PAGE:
The media is a prime example of a site where discourses within regimes of truth are (re)produced and can be identified. How we receive information and the way that news events are presented to a society shapes how we conceptualise and react to political events. As such, if we want to observe how people have come to conceive and frame both terrorism and terrorists, the poststructuralist can analyse media accounts in order to analyse the discursive construction of these political actors and associated terrorist events.
As the defining global terrorist attack of the twenty-first century, the attacks of 11 September 2001 on the United States can be used to convey how dominant discourses, instigated by governmental elites, were perpetuated and reinforced by the media.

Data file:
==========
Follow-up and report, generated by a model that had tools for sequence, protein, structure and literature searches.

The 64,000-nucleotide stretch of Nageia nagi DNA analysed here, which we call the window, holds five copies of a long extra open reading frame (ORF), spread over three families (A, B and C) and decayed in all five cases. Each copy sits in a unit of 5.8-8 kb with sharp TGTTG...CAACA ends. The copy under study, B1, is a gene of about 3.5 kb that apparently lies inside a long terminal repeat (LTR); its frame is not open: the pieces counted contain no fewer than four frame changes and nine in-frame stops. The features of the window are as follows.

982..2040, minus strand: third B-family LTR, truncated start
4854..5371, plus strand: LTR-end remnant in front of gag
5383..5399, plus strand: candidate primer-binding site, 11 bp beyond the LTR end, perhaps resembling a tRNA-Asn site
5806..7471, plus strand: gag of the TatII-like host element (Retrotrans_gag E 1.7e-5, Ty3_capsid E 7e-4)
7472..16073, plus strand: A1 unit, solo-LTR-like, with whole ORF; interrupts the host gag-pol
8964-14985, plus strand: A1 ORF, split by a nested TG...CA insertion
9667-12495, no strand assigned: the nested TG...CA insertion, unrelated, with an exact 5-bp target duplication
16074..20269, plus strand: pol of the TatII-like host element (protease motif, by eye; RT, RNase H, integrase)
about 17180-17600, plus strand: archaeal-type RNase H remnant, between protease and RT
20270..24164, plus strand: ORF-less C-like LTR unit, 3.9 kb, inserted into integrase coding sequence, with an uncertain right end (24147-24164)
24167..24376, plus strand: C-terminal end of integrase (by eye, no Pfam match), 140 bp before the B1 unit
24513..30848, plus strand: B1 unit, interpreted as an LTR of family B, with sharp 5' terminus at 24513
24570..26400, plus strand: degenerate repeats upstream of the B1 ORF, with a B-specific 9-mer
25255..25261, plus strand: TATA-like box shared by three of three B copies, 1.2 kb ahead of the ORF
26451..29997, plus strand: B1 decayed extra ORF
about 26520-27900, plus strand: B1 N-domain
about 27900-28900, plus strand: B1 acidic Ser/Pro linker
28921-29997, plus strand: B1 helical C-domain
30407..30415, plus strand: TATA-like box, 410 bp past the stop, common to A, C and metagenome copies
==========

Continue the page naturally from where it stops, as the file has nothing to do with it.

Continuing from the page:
In newspaper reports – specifically, in the week after the attacks – the terrorists were presented as evil and irrational, their stated political motivations were effaced and instead terrorists were repeatedly spoken of as crazed and apolitical. The terrorists were plagued by ‘inexplicable neurosis’ and driven by ‘ethnic, superstitious and tribal madnesses’ (Toynbee 2001). Additionally, these terrorists were set apart as different from more traditional forms of terrorism that the world had previously witnessed through the highlighting of the lethality and deadliness of mass murdering transnational terrorism – a move which heightened the emotions of fear and anxiety further.